I don’t think schools work

I don’t think schools work.

It may be the summer term slump setting in, however the more I think about it, the more I am convinced that schools don’t work.

My questions

Why do we group students by age rather than achievement?

Why are lessons delivered in discrete one hour segments in different subject areas?

Why do students automatically progress to the next key stage when they have not mastered the previous one?

Why do we rely on poor proxies for learning like timed assessment to measure student’s understanding?

Why do we insist on giving students ‘important bits of paper’ then wonder why they lose them?

My dream school

Lessons would be a thing of the past. I spent most of my early teaching career working towards perfecting the one off hoop jumping ‘outstanding’ lesson. Reflecting on this, despite much feedback from observers over the years to the contrary, I don’t think ‘outstanding’ lessons lead to outstanding learning.

Learning is an abstract thing. Learning takes time and needs time to be forgotten and revisited before it becomes embedded. Bjork outlines this succinctly here

My dream school would base the curriculum each month on a series of themes with students grouped by prior attainment rather than age. The unit would be immersive, delivering skills and content holistically over the month. Rather than teacher time being used to supervise students completing tasks – there would be a menu of workshops signposted to the students to develop their understanding and provide targeted personalised intervention and enrichment, with a final project demonstrating their mastery of the skills and content related to the theme.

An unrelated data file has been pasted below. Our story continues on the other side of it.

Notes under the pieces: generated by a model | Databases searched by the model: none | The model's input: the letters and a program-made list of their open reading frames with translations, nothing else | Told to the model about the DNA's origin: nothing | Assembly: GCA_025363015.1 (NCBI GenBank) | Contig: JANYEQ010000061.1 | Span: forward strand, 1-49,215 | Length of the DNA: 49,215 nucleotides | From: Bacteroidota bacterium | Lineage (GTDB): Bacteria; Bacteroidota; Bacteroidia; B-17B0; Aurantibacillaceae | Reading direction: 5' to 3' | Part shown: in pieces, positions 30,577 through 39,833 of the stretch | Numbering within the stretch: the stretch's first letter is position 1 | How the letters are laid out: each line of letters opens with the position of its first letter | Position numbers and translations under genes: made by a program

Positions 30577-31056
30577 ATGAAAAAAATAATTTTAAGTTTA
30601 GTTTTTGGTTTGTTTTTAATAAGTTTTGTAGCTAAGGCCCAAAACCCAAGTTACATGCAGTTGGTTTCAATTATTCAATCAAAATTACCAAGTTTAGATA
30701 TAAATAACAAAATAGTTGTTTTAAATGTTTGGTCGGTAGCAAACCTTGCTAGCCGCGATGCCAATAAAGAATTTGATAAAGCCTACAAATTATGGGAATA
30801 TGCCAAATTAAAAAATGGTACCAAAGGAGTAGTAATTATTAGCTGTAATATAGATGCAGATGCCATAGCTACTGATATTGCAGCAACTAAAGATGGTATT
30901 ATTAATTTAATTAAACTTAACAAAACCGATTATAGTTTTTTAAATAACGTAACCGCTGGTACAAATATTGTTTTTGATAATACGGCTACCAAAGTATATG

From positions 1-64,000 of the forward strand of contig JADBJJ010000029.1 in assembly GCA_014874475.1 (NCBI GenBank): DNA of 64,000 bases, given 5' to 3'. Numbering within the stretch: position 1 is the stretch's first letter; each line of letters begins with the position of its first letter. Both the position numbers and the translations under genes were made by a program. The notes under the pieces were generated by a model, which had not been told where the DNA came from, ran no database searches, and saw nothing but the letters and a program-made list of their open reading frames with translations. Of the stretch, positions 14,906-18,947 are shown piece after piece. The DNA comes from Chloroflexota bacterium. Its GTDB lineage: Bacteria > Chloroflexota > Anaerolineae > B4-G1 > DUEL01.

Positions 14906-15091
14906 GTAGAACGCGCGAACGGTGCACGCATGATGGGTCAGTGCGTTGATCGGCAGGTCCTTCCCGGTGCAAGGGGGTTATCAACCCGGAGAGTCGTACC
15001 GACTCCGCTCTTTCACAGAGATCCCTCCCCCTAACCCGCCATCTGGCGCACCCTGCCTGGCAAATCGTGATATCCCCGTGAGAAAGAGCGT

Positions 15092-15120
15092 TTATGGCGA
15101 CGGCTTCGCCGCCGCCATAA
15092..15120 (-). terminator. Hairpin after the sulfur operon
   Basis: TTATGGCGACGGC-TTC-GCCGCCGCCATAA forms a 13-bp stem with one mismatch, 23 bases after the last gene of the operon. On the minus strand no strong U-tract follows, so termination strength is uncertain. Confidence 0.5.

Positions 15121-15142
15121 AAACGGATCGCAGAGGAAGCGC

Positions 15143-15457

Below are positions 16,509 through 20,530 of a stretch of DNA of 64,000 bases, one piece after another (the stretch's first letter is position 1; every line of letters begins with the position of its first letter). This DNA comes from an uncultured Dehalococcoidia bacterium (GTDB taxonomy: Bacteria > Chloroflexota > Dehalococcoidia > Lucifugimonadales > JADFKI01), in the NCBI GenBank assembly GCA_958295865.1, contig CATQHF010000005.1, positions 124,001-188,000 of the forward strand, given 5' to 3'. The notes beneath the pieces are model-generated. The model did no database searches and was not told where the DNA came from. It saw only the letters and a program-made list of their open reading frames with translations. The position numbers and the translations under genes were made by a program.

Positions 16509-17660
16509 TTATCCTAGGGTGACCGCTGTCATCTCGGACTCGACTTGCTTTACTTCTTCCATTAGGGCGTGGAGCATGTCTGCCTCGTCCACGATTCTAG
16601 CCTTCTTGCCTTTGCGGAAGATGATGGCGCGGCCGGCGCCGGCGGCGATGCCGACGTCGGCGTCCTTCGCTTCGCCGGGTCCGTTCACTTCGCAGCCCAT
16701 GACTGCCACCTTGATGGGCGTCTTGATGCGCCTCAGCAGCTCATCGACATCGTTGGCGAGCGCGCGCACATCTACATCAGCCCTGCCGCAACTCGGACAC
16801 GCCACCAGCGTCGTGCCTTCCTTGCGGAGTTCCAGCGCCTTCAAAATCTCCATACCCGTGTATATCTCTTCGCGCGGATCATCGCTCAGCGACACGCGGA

No student would move onto the next theme without demonstrating mastery of the previous one – and no student would be held back if they have achieved a level of mastery above their peers just because of their age.

Assessment would be in the form of a presentation of their final project to a team of teachers who would question the students to ensure they understand all of the topic rather than just the bit on the test paper. Gaps in knowledge would be identified and further workshops signposted to ensure when ‘re-interviewed’ the students have mastered the theme.

Each student would have a tablet that they used to complete each project – they would be encouraged to read around the subject and would have an online portfolio of work ready for revision in a much harder to lose format than ‘important bits of paper’.

My dream in reality

As I am not in a position to make such drastic and sweeping changes to the timetable and curriculum, there are some small changes I intend to implement in my own teaching.

1. At least one assessment a term will be in the format of an interview and presentation to check student’s learning

2. At least one ‘workshop’ week, working with colleagues timetabled at the same time to provide specific and targeted intervention

3. Not moving onto the next unit just because there is a data deadline. I will submit an assessment grade for the unit on time, but if it is not to standard we will revisit and relearn the required material until it sticks before moving onto the next unit.

What do you think?

As ever a critical friend would be appreciated and comments are welcomed.

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